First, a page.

The Rob Gronkowski Injury Scandal

by Bryan Knowles

Gronkowski - Brady Celebrate

Gronkowski - Brady Celebrate

For the last four weeks, Patriots fans and fantasy football fanatics (not to mention NFL fans betting on Patriot's games) have tried to parse the tea leaves of Rob Gronkowski’s injury.

For the last four weeks, they’ve come up empty-handed.

For the sixth straight week, Rob Gronkowski was listed inactive for the game against the Saints. It’s essentially Gronkowski and his outside physicians keeping him out, with the tight end trusting his outside doctors as opposed to the Patriots' medical staff. He has not yet received medical clearance from surgeon Dr. James Andrews. Even though Andrews did not perform the surgery he is recognized as a leader in his field. Gronkowski also has not been cleared by Dr. Jesse Jupiter, the surgeon who did perform the surgery. The Patriots, on the other hand, have cleared him to play. Slowly but surely, the question has arisen: when on Earth are we going to see Gronkowski back in the lineup?

After all, reports from the beginning of the season had Gronkowski possibly even back as early as Week 3 versus Tampa Bay. It’s not the herniated disk keeping him out, it’s the left forearm; the one he’s had four operations on in the last year alone, the one they tried to fix last year by placing an implement in order to rush him back to action.

Now there are “serious concerns” about the integrity of that forearm – had it healed naturally, a source told Boston radio station WEEI, he might have avoided the infection that has kept him out almost half the season.

If the potential abscess that developed around the bone has significantly – and possibly permanently – damaged the integrity of both the bone and the surrounding nerves, we may never see Gronkowski play quite up to his previous level again. When you start listing all of the surgeries, injuries, and setbacks Gronkowski has suffered over the course of his career, both pro and college, you have to start wondering if one day we’ll be talking about Gronk the same way we talk about Bo Jackson – a stud who was lost to injuries in his prime.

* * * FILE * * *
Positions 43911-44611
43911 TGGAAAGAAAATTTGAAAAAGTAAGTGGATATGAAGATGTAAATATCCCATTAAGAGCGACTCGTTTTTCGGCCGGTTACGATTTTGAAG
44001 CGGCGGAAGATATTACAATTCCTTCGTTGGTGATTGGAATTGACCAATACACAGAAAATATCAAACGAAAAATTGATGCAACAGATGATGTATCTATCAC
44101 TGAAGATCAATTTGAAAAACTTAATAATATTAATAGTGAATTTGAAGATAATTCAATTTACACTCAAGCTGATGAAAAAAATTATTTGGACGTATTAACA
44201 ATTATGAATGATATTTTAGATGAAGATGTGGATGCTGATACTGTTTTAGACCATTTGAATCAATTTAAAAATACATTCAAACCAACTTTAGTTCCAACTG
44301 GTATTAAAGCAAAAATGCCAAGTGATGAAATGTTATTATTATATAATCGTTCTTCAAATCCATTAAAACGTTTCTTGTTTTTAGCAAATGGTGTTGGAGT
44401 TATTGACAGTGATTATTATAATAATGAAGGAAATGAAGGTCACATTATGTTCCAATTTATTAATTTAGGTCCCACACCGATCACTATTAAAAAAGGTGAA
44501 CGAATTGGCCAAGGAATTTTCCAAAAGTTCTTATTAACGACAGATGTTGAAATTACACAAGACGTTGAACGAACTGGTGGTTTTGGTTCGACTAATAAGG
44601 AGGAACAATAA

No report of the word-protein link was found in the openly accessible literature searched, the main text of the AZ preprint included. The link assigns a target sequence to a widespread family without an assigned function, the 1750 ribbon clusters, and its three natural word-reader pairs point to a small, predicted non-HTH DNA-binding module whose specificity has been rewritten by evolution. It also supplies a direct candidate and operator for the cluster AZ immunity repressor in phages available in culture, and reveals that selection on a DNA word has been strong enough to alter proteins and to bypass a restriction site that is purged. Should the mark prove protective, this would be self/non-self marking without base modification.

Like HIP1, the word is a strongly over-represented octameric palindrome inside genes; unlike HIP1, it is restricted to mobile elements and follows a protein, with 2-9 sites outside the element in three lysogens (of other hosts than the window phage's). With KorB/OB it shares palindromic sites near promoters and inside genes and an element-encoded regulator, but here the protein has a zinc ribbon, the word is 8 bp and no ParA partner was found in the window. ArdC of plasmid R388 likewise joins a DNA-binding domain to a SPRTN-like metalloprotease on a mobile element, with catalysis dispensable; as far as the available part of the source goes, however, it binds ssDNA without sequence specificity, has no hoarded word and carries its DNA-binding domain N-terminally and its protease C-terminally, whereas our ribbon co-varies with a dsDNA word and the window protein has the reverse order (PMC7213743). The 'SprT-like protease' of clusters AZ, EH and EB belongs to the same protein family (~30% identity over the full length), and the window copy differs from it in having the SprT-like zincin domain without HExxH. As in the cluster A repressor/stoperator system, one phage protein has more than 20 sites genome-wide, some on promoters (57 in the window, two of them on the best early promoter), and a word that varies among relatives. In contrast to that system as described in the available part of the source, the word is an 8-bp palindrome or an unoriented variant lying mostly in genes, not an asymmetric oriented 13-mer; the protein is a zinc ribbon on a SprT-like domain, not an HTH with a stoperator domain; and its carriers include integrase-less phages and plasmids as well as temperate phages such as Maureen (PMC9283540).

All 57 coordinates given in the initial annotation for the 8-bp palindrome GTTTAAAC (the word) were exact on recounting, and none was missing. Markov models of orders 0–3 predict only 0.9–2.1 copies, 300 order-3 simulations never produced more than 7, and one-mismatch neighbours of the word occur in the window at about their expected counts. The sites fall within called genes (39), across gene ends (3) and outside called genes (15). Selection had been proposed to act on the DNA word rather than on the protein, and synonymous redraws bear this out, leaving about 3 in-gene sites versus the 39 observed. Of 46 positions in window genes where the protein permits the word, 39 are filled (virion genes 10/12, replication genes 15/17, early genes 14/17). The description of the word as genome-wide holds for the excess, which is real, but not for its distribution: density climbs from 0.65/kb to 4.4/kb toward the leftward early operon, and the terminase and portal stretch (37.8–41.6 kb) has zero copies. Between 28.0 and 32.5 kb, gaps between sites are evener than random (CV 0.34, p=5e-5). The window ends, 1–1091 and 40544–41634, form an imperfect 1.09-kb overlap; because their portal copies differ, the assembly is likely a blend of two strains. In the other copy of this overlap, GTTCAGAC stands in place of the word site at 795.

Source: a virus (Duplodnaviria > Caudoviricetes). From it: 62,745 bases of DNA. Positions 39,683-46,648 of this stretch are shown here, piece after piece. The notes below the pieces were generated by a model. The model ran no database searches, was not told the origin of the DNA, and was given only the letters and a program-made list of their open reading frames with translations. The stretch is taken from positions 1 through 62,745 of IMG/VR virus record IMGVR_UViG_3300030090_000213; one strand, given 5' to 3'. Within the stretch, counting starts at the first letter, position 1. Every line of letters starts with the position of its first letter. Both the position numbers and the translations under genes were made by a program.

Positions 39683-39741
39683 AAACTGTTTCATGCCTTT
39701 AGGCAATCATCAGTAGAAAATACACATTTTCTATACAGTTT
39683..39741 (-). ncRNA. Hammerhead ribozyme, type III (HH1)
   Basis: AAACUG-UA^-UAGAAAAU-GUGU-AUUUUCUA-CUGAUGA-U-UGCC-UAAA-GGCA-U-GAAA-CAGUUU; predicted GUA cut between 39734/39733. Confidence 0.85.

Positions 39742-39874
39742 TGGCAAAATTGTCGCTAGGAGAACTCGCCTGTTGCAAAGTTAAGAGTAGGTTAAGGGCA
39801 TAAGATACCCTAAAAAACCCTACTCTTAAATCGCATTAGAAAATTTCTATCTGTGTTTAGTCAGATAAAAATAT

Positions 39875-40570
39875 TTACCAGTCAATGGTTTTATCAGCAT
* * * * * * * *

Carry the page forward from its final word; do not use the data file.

Obviously, we’re a far distance away from that point yet – Gronkowski could easily suit up this week, and he absolutely shouldn’t rush back into action before he and his doctors are convinced he’s fully healed; rushing back early after the initial forearm break is likely what caused this infection and delay to occur in the first place.

"It's basically nothing new," Gronkowski said Thursday on "I mean, I'm just working hard every week, working hard out at practice, and nothing's changed, we're day by day, like we've been from the very beginning."

It is nothing new – there were reports on September 29th of him participating in practice, including contact and getting tackled. He was 50-50 to play in week 3. He had definitely made progress by Week 4. He was listed as questionable last week – and this week, too. It’s a Groundhog Day scenario for Patriots fans, who wake up to the same story day after day after day, and now have to ask why Gronkowski wasn’t put on the PUP list to start the season – it would have given the Patriots an extra roster spot to work with during the first six weeks, and prevent Gronkowski from taking the reps that could go to the younger, less experienced receivers, who have struggled so far this year. We haven’t heard about any setbacks in Gronkowski’s recovery, just a Zeno’s Paradox of him getting better bit by bit, and never reaching the destination.

With rumors, first reported by Tom Curran on PFT Live, that Gronkowski’s teammates are beginning to reach their tolerance levels for this frustration, and with the powerful Saints coming in to play, the Patriots need an answer on Gronkowski now. Not next week, not at their bye in three weeks – they need certainty, and they need it quickly. That may be impossible with a healing injury like this one, but with the Patriots struggling to get any offensive flow going early on this season, this constant game of wait and see is taking its toll.

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